Reminiscence bump explanations: Why we remember young adulthood better than any other age YanLev/iStockphoto/Thinkstock. Twentysomethings are having a moment. They’re inspiring self-help guides (see Meg Jay’s The Defining Decade: Why Your Twenties Matter—And How To Make the Most of Them Now), hit television shows, Tumblrs-turned-handbooks, and lyrical New Yorker think pieces. Katy Waldman is a Slate assistant editor. Follow A little-known but robust line of research shows that there really is something deeply, weirdly meaningful about this period. Memory researchers have been wrestling with the reminiscence bump since at least the 1980s, when studies began turning up evidence that memory has a peculiar affinity for events that happen during the third decade of life. Autobiographical memories are not distributed equally across the lifespan. At first, researchers proposed that the reminiscence bump coincided with a phase of developing mental firepower. I called up Joshua Foer, author of Moonwalking With Einstein: The Art and Science of Remembering Everything, for his take.

Memory in the Brain [Interactive] Although most people think of memory as a vault for storing information, it is more like a seamstress who stitches together logical threads into scenes that make sense. In this view, a good memory is therefore not one that holds lots of data but that can deftly separate what is useful from what could distract or upset you. Getting rid of what is not necessary—forgetting—is thus an important part of memory and of thought. To learn more about memory and the power of forgetting, see the January 2012 Scientific American Mind. More to Explore8 Ways To Forget Your TroublesLet It GoA Feeling for the PastTrying to ForgetTotaling Recall10 Novels That Will Sharpen Your Mind [Interactive]

Weight Loss Improves Memory John Gunstad, an associate professor in Kent State University’s Department of Psychology, and a team of researchers have discovered a link between weight loss and improved memory and concentration. The study shows that bariatric surgery patients exhibited improved memory function 12 weeks after their operations. “The initial idea came from our clinical work,” Gunstad said. “I was working at Brown Medical School in Rhode Island at the time and had the chance to work with a large number of people who were looking to lose weight through either behavioral means or weight loss surgery.” of Gunstad discussing his research Gunstad said he kept noticing that these patients would make similar mistakes. The researchers discovered that bariatric surgery patients demonstrated improved memory and concentration 12 weeks after surgery, improving from the slightly impaired range to the normal range. Gunstad thinks the study is reason for optimism.

How Our Brains Make Memories Sitting at a sidewalk café in Montreal on a sunny morning, Karim Nader recalls the day eight years earlier when two planes slammed into the twin towers of the World Trade Center. He lights a cigarette and waves his hands in the air to sketch the scene. At the time of the attack, Nader was a postdoctoral researcher at New York University. In the following days, Nader recalls, he passed through subway stations where walls were covered with notes and photographs left by people searching desperately for missing loved ones. Like millions of people, Nader has vivid and emotional memories of the September 11, 2001, attacks and their aftermath. Most people have so-called flashbulb memories of where they were and what they were doing when something momentous happened: the assassination of President John F. Nader, now a neuroscientist at McGill University in Montreal, says his memory of the World Trade Center attack has played a few tricks on him.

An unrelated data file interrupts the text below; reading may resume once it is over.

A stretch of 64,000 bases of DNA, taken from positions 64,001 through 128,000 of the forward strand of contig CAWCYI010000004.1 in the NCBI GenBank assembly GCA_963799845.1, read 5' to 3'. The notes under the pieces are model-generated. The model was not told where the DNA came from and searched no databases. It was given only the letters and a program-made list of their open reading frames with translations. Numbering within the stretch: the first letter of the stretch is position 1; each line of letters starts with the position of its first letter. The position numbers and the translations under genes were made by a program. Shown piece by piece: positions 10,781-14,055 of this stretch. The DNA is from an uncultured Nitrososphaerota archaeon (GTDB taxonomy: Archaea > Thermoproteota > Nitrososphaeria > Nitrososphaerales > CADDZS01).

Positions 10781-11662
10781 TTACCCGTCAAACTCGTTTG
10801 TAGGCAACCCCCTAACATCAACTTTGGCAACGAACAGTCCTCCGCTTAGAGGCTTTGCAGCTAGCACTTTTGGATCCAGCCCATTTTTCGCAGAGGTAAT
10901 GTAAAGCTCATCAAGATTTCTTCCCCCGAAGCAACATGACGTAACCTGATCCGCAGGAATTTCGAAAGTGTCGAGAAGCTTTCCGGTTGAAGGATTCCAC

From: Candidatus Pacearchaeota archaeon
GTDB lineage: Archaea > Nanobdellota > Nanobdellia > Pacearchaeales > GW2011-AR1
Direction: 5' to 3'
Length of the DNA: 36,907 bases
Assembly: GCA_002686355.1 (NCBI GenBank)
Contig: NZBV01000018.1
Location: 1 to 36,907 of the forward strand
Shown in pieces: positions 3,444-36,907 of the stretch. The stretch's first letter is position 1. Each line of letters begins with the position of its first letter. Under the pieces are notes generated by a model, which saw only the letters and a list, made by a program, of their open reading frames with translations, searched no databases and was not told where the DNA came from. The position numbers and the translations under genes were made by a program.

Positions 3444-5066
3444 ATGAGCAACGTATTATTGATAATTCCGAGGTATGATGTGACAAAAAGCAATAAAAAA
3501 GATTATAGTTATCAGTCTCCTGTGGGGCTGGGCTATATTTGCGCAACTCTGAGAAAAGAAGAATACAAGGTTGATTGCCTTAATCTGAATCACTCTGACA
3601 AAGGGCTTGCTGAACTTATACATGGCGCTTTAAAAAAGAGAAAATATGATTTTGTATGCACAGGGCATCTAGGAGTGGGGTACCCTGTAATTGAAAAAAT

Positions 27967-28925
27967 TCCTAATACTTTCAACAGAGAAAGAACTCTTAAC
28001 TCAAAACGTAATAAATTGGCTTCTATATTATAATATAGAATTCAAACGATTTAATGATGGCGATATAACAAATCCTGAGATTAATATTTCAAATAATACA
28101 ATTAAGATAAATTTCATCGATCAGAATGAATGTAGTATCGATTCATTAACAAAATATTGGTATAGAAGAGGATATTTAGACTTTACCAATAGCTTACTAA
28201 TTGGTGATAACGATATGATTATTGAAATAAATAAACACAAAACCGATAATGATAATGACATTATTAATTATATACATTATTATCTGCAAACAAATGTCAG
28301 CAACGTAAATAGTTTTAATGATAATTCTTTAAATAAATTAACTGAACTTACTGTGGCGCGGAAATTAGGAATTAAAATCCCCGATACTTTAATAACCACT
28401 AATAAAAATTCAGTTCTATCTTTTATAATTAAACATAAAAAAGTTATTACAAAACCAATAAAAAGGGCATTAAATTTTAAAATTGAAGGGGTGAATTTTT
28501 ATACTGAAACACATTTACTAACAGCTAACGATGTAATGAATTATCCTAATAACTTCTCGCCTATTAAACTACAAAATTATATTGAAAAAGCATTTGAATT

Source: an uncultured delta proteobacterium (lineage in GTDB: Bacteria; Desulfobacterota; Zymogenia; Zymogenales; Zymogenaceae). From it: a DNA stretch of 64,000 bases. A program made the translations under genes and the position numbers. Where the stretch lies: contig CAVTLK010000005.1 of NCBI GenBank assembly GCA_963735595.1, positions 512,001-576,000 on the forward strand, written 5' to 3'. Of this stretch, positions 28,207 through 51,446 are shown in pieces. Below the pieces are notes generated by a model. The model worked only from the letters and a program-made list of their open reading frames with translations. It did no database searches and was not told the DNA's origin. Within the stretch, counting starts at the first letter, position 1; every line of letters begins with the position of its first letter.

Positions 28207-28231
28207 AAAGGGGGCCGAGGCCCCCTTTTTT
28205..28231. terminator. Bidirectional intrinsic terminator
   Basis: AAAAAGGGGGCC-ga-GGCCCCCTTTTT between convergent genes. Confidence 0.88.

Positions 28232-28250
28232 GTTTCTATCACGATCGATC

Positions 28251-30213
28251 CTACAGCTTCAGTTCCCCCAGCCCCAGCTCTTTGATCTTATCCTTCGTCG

How Friends Ruin Memory: The Social Conformity Effect | Wired Science Humans are storytelling machines. We don’t passively perceive the world – we tell stories about it, translating the helter-skelter of events into tidy narratives. This is often a helpful habit, helping us make sense of mistakes, consider counterfactuals and extract a sense of meaning from the randomness of life. But our love of stories comes with a serious side-effect: like all good narrators, we tend to forsake the facts when they interfere with the plot. The reason we’re such consummate bullshitters is simple: we bullshit for each other. The power of this phenomenon was demonstrated in a new Science paper by Micah Edelson, Tali Sharot, Raymond Dolan and Yadin Dudai. This time, though, the subjects were given a “lifeline”: they were shown the answers given by other people in their film-viewing group. The question, of course, is whether their memory of the film had actually undergone a change. Here’s where the fMRI data proved useful. Image: wolfgangfoto/Flickr

To make memories, new neurons must erase older ones Short-term memory may depend in a surprising way on the ability of newly formed neurons to erase older connections. That's the conclusion of a report in the November 13th issue of the journal Cell, a Cell Press publication, that provides some of the first evidence in mice and rats that new neurons sprouted in the hippocampus cause the decay of short-term fear memories in that brain region, without an overall memory loss. The researchers led by Kaoru Inokuchi of The University of Toyama in Japan say the discovery shows a more important role than many would have anticipated for the erasure of memories. They propose that the birth of new neurons promotes the gradual loss of memory traces from the hippocampus as those memories are transferred elsewhere in the brain for permanent storage. In effect, the new results suggest that failure of neurogenesis will lead to problems because the brain's short-term memory is literally full.